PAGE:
Nothing in my early motorcycle riding experience led me to believe I’d become a BMW guy. Their bikes of the time were slow and quirky; sure, they were comfortable, but who’d want to spend that kind of money to buy a bike that the German’s themselves labelled a “Gummikuh” (rubber cow)? I rode the occasional R100 or K100 borrowed from riding buddies, but neither kept my interest for long.
And then came the 1999 BMW R1100S. For me, it was love at first sight; I’d never seen a bike before that hit me in quite the same way. The lines were stunning, even if the body consisted of acres of plastic over a barely concealed frame. The motor was BMW’s traditional R version, a horizontally opposed twin, but now tweaked to produce 98 horsepower and cooled by both air and oil. It was beyond my budget at launch, but I anxiously monitored eBay until the prices came into reach. When they did, one test ride was all it took to convince me.
My R1100S was a great bike, but it had it’s shortcomings. While fine for solo touring or riding, it was a bit cramped and underpowered for the two up stuff. My wife and I did the occasional motorcycle tour, so after a few years with the R, I decided it was time to look for something with a bit more grunt and a little more leg room.
Before I rode the K1200RS, I’d always written it off as too big, too ungainly at low speeds. The damn thing weighed over 600 pounds, nearly 200 pounds more than my R; how good could something big enough to have its own gravity handle? One day, when my R was in the shop for service, I made the mistake of test riding a 2004 K1200RS.
Preconceived notions soon went out the window. Was it big? Sure as hell was. Was it ungainly? Once you were moving, not at all. I quickly fell in love with the near seamless power delivery of the big sport-tourer. Where I’d have to row the gearbox on my R, a quick pass required nothing more than a flick of the wrist on the big K. The windshield gave me better coverage than the one on my R, and the seat was actually comfortable (the seat on the BMW R1100S was designed by Torquemada during the Spanish Inquisition). Where the R was a bike to ride up a canyon road at triple digit speeds, the K was a bike to ride cross-country at triple digit speeds. I ended my test ride thinking, “I wonder if I can make the numbers work for me”.
My dealer made the decision easy, giving me more in trade on my R than I would have gotten in a private sale, then discounting the K since it was the last of the ‘04s. I ordered up a set of hard bags, a passenger backrest and headed home, wondering if I could fit a motorcycle the size of a compact car in the garage.
You’d think that I’d know a thing or two about BMW motorcycle history, and you’d be correct. BMW launched the original K series in 1983, and it’s “laydown” four cylinder engine featured pistons that traveled horizontally, not vertically. Dubbed the “flying brick” for it’s unconventional motor design, K bikes were the first BMWs to feature liquid cooling. BMW K bikes also had a single-sided swingarm, used a shaft drive instead of a chain and featured an unconventional front and rear suspension. The front suspension, dubbed “Telelever” in BMW speak, uses a single shock absorber located between mounting points attached to a telelever arm. The advantage to this setup is that it reduces unsprung weight and eliminates dive under heavy braking. The tradeoff is reduced road feel compared to a traditional fork setup. It takes getting used to, but a rider quickly learns to trust the ability of the telelever, even if it doesn’t feel quite right in the twisty bits.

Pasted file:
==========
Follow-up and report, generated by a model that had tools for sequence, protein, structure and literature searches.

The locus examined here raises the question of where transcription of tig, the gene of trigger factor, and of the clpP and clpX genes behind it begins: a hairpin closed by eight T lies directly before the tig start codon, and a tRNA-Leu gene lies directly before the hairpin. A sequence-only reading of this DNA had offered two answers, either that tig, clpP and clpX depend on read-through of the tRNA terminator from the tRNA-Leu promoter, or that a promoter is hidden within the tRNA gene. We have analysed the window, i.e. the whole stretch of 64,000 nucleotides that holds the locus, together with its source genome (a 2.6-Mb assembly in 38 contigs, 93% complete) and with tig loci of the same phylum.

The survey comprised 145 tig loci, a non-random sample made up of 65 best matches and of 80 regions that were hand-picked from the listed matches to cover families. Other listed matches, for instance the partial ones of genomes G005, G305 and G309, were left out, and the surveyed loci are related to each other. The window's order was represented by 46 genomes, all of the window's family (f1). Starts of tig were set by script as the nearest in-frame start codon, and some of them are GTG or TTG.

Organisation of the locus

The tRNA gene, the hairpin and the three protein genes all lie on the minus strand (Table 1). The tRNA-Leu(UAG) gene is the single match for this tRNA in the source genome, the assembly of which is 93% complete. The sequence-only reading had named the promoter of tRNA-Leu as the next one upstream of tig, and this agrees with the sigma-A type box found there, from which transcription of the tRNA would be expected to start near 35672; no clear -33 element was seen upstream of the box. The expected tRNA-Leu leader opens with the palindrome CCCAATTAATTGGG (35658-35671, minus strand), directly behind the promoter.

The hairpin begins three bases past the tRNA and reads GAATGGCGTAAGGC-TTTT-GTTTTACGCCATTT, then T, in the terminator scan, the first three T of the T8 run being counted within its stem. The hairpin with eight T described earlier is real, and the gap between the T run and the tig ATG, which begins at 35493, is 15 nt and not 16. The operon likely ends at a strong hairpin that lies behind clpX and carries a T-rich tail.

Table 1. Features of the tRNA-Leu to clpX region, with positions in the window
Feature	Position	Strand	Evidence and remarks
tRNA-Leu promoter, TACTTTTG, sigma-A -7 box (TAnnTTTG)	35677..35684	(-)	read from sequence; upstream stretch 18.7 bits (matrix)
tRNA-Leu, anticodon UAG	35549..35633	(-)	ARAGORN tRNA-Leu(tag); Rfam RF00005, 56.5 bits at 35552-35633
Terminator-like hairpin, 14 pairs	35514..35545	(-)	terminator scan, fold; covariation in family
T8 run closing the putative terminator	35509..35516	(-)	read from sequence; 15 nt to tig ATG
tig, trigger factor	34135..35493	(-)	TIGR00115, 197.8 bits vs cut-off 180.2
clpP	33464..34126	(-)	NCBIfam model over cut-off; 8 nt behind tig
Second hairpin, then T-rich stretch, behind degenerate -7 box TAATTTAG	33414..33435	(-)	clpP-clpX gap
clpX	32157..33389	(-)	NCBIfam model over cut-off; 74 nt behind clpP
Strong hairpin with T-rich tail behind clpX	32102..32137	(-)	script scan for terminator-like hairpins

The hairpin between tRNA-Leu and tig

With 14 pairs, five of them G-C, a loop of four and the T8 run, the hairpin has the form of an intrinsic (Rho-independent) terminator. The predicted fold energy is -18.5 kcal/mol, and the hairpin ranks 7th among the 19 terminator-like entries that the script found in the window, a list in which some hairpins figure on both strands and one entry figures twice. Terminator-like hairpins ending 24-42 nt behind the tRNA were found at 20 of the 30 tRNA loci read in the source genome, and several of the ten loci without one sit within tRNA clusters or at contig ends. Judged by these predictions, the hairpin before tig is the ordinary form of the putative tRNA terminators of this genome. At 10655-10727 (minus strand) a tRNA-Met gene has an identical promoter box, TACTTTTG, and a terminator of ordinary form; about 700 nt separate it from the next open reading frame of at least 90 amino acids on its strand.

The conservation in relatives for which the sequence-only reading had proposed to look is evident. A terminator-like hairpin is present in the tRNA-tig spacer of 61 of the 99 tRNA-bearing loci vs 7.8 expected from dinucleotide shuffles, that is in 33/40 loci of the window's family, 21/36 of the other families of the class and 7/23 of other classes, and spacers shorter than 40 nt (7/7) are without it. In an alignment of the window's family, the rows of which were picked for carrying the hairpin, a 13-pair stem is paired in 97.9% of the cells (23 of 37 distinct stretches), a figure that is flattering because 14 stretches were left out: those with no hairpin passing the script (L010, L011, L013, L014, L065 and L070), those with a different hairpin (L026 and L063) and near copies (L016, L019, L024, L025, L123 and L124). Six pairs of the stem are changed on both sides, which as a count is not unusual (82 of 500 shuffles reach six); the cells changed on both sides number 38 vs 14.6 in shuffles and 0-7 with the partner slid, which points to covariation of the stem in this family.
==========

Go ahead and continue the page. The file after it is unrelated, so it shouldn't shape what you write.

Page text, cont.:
BMW K bikes used a “Paralever” rear suspension layout that reduces the effect of torque as the suspension weights and unweights (under acceleration and braking). Like the Telelever front suspension, this can take a bit of getting used to, especially for those new to shaft-drive motorcycles.
As a 2004 model, mine is the last of the “flying brick” K1200RS motorcycles. The motor puts out 130 horsepower and 85 ft-lbs of torque, and the bike is stopped with servo-assisted linked braking and ABS. It’s got the sport suspension, heated grips, a height adjustable windshield, cruise control and a rear luggage rack. The detachable hard bags carry enough for a long weekend getaway, but the left bag loses quite a bit of space to make room for the exhaust.
So five years later, what do I still love about it? I love the bike’s silky smooth power delivery and it’s day-long seat comfort. I love the adjustable windshield, especially for wet and cold weather riding. I love the heated grips, great for extending your riding season and making early morning or late night trips more enjoyable. I love the “ripping raw silk” sound of the motor as it winds out to the 9,000 RPM peak, especially when compared to the R which just sounded like the world’s most powerful sewing machine.
What don’t I like? The riding position gets hard on the knees after a few hours, even with the seat in the highest position. Ditto the handlebar position, which could benefit from a set of aftermarket risers. It’s heavy in stop and go traffic, and the exhaust’s catalytic converter dumps a whole lot of heat on a rider’s left leg at stop lights. The servo assisted ABS takes getting used to at low speeds, and more than one new owner has dropped their K in a parking lot when the front rotors grabbed harder than expected.
Love is blind, and it’s easy to write off these negative points as part of the K1200Rs’ personality. The pre-2005 K bikes remain popular in the used market, in demand for their bulletproof reliability, good looks and adaptability.